1 Now about the service to the holy ones, it is superfluous for me to write to you, 2 for I know your eagerness about which I boast of you to the Macedonians, that Achaia has been ready since last year, and your zeal has stirred up most of them. 3 Nonetheless, I sent the brothers so that our boast about you might be ready, as I did, 4 for fear that if any Macedonians come with me and find you not ready we might be put to shame to say nothing of you in this conviction. 5 So I thought it necessary to encourage the brothers to go on ahead to you and arrange in advance for your promised gift, so that in this way it might be ready as a bountiful gift and not as an exaction.
It appears Paul has used the tactic of a little healthy competition between the Corinthian, Acadian (Greece), and Macedonian Christians, boasting to both about the generosity of the other. The contribution of the Corinthian Christians should be ready to be collected when Titus and the others arrive since Paul requested they begin the collection in his earlier letter (1 Cor 16:1-3).
2 Corinthians 9:6-9 ~ Paul's Exhortation to be Generous Givers
6 Consider this: whoever sows sparingly will also reap sparingly, and whoever sows bountifully will also reap bountifully. 7 Each must do as already determined, without sadness or compulsion, for God loves a cheerful giver. 8 Moreover, God is able to make every grace [charis] abundant for you, so that in all things, always having all you need, you may have an abundance for every good work. 9 As it is written" "He scatters abroad, he gives to the poor; his righteousness endures forever."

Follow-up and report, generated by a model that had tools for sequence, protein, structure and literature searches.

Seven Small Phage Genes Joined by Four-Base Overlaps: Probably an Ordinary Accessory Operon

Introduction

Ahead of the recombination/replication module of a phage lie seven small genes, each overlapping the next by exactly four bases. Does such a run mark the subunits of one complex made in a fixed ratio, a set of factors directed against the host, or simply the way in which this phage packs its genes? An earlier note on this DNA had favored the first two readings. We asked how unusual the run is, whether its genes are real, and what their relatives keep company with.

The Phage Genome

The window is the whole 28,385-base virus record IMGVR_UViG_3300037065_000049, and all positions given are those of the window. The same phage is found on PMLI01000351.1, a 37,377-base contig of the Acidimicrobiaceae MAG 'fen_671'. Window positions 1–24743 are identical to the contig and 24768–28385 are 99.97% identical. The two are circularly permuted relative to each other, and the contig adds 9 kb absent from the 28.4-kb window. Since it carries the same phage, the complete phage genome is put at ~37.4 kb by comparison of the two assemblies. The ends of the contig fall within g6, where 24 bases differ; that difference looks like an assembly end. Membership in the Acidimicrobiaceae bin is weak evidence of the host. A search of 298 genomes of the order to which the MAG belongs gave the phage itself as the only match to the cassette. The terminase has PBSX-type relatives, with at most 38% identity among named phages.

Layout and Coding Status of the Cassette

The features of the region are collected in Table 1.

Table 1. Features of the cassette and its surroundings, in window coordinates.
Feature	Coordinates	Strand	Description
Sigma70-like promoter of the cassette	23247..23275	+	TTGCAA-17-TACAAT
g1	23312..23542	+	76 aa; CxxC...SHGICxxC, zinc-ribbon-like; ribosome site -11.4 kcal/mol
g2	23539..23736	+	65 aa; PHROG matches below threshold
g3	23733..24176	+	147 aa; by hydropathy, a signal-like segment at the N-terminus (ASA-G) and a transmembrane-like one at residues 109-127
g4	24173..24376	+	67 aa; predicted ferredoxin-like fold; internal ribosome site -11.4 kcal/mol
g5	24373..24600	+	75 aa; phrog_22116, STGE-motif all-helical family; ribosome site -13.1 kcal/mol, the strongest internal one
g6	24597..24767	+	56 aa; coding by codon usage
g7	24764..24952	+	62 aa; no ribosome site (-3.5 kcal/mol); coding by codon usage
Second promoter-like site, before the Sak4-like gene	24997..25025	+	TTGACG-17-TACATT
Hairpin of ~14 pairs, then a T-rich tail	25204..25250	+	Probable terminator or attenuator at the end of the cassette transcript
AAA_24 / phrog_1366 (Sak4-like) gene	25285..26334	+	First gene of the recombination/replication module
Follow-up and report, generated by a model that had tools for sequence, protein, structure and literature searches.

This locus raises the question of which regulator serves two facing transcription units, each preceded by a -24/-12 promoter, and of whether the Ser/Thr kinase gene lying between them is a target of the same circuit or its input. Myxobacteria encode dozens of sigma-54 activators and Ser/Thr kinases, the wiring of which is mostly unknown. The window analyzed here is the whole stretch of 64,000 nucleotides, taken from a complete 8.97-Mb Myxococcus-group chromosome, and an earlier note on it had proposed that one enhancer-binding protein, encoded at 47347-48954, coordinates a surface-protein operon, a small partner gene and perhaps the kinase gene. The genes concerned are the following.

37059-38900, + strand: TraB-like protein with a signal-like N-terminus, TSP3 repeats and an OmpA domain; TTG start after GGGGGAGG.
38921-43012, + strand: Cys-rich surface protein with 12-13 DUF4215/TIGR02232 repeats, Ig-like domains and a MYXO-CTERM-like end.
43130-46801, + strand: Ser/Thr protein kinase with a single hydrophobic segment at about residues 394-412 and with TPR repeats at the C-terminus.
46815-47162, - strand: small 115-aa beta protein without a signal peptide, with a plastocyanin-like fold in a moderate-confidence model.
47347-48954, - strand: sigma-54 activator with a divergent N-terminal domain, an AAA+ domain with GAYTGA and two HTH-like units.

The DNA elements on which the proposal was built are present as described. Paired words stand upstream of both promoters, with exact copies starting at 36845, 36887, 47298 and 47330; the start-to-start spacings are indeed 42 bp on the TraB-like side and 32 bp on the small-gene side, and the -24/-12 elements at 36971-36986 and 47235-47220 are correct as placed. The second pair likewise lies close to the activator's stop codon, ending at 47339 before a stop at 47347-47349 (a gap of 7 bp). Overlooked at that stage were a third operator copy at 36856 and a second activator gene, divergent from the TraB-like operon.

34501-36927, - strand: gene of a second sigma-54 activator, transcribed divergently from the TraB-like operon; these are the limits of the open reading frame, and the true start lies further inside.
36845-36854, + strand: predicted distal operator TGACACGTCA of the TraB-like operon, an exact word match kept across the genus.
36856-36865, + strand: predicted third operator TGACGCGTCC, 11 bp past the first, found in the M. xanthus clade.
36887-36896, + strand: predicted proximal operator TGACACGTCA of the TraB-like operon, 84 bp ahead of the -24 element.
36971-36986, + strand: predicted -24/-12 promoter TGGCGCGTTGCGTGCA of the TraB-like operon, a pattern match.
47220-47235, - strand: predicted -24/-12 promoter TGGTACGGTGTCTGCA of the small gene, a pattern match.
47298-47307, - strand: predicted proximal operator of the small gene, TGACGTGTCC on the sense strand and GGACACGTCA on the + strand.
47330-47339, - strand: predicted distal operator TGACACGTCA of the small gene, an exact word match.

Question: Paul urges the Corinthians to follow God's
example in giving, using what example from the practice of sowing seeds in
Answer: The more seed one sows, the greater the yield in the harvest. In the same way, the more generously one gives, the more blessings he will receive from his giving.
In verse 9 Paul quotes Psalm 112:9 in the Greek, slightly changing the words to adapt it to his message. Psalm 112 addresses those who fear the LORD and greatly delight in God's commands (Ps 112). They are the ones who Lavishly give to the poor; their prosperity shall endure forever; their horn shall be exalted in honor (Ps 112:9).(3)
2 Corinthians 9:10-15 ~ The Circle of Blessings
10 The one who supplies the seed to the sower and bread for food will supply and multiply your seed and increase the harvest of your righteousness. 11 You are being enriched in every way for all generosity, which through us produces thanksgiving [eucharistia] to God, 12 for the administration of this public service is not only supplying the needs of the holy ones but is also overflowing in many acts of thanksgiving [eucharistia] to God. 13 Through the evidence of this service, you are glorifying God for your obedient confession of the Gospel of Christ and the generosity of your contribution to them and to all others, 14 while in prayer on your behalf they long for you, because of the surpassing grace [charis] of God upon you. 15 Thanks be to God for his indescribable gift!
Paul urges them to follow God's pattern of generosity. The Lord God is capable of great generosity (as attested to in Scripture); therefore, they should not fear that in their generosity they may end up falling short. God will see to their needs both physically and also spiritually by increasing their righteousness. Using the Greek words charis (grace) and eucharistia (thanksgiving), he describes the movement of God's grace that overflows from God to them and which they hand on to others. God's blessings come back to them because they will benefit from the prayers of the grateful "holy ones" who benefit from their generosity.